Retailers, consumers and prices
We are in the heart of the earnings season and every day brings reports that offer grist for both sides of the argument about whether the recovery has begun.
For the optimists, we have sports clothing and footwear maker Under Armour, which posted a stronger-than-expected quarter and raised its outlook, and yoga clothing and athletic gear maker Lululemon Athletica, which raised its forecast.
Meanwhile, DineEquity, home of the Rooty Tooty Fresh ‘N Fruity breakfast at IHOP, topped Wall Street’s expectations due to lower costs, and better sales and more efficient staffing allowed outdoor gear retailer Cabela’s to post stronger-than-expected earnings.
On the other side of the tug-of-war, pessimists can point to VF Corp. The maker of such brands as the North Face, Vans, Wrangler and Lee missed analysts’ expectations and said consumer spending would remain challenged.
Check out the strong profits Jones Apparel Group tried on in its latest quarter.
The owner of the Jones New York, Nine West and Anne Klein brands easily outperformed analysts’ expectations in the first quarter thanks to cost cutting and rising demand in its wholesale jeans business.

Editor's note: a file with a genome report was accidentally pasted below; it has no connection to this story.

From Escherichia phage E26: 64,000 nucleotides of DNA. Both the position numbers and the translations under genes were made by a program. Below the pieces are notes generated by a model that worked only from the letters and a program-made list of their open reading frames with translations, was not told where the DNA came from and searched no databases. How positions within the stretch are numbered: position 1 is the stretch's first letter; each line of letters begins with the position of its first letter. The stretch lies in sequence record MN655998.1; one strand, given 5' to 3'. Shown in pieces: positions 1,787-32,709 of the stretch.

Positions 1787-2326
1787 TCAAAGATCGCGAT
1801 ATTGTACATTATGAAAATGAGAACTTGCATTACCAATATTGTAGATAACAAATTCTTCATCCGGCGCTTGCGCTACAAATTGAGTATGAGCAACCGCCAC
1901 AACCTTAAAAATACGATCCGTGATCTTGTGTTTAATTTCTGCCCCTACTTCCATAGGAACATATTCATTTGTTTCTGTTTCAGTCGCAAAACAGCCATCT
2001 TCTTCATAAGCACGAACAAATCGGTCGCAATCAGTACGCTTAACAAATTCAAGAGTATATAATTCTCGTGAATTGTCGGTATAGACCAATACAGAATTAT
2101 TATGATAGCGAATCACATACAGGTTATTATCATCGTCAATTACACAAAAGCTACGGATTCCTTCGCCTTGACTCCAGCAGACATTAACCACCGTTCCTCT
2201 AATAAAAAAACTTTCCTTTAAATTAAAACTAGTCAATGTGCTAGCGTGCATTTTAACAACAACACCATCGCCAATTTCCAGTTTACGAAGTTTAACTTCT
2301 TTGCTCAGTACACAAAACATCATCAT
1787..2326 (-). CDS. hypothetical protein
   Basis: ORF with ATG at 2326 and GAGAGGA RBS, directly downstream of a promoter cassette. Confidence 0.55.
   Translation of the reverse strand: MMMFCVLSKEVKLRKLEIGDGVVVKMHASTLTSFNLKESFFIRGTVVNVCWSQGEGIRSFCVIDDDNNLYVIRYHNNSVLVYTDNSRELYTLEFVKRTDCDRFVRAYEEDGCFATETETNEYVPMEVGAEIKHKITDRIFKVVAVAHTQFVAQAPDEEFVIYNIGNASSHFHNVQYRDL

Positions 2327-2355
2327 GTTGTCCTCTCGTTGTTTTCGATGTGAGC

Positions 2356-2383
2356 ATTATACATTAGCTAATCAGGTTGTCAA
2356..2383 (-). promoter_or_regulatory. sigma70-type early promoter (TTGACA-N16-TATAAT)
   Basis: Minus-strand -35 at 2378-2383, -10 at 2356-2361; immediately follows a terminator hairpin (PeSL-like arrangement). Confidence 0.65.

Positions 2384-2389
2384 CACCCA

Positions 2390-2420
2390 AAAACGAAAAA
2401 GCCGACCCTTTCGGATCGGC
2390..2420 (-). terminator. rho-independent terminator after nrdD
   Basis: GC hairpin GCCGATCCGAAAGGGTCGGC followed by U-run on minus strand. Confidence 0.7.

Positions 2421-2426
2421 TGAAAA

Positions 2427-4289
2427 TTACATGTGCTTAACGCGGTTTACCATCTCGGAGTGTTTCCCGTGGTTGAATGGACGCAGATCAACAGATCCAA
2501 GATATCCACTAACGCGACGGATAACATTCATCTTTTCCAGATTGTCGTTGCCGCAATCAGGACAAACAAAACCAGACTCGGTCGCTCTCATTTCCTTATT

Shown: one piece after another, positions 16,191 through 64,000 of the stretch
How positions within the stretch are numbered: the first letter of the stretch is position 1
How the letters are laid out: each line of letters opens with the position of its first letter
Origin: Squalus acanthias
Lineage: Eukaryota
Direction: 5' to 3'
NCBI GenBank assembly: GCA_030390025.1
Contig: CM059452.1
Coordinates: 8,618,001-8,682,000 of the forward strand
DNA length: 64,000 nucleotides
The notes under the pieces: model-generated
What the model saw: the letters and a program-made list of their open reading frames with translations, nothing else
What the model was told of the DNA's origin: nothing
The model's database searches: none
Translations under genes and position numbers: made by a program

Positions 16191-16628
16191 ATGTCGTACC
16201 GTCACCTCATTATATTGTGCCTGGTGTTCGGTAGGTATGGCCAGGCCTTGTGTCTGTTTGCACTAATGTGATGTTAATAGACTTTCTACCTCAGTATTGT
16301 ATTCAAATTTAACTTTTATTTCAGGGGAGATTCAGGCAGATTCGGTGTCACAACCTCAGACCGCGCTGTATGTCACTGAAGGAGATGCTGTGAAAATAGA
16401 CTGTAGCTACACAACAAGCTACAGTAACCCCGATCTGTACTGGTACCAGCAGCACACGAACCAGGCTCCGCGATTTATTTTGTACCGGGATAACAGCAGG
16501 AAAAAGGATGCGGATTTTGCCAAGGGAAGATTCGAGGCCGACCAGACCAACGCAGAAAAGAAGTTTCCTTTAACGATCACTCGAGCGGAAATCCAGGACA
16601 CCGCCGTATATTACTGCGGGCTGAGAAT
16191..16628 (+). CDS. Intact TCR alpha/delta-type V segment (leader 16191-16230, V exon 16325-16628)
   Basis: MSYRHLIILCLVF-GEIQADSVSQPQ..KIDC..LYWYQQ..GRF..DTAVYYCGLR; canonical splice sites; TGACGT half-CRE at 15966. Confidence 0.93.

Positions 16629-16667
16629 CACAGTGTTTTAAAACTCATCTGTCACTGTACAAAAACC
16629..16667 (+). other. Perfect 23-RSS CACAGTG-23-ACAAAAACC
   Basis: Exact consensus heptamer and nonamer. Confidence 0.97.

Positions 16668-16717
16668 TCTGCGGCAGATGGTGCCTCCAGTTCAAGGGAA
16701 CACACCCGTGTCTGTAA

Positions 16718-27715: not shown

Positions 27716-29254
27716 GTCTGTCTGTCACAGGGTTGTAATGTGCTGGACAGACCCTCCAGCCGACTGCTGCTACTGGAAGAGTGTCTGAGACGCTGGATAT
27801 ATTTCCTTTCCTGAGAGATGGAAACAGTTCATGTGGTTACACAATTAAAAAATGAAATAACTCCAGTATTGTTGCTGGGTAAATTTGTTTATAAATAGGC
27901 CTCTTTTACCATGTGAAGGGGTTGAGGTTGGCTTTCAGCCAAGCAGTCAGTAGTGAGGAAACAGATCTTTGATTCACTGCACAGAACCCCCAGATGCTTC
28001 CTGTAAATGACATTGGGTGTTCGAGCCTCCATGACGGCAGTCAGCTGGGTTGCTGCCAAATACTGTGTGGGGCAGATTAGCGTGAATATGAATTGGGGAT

Apparently, it’s chic to save money. Soaring gas and food prices, falling home values and deteriorating stock portfolios will do that.
According to a survey by WSL Strategic Retail, 56 percent of people said they “feel proud of all the little ways I’ve found to save money and pay for rising food and gas prices.”
It’s good that they feel proud, because 73 percent said they feel they are more careful about shopping now than a year ago.
Meanwhile, 63 percent of women said they avoid going to stores where they know they will overspend. Those stores include specialty clothing retailers (64 percent) and department stores (56 percent)
And of all surveyed, 25 percent said they are buying some new things for the home, since they are spending so much time there.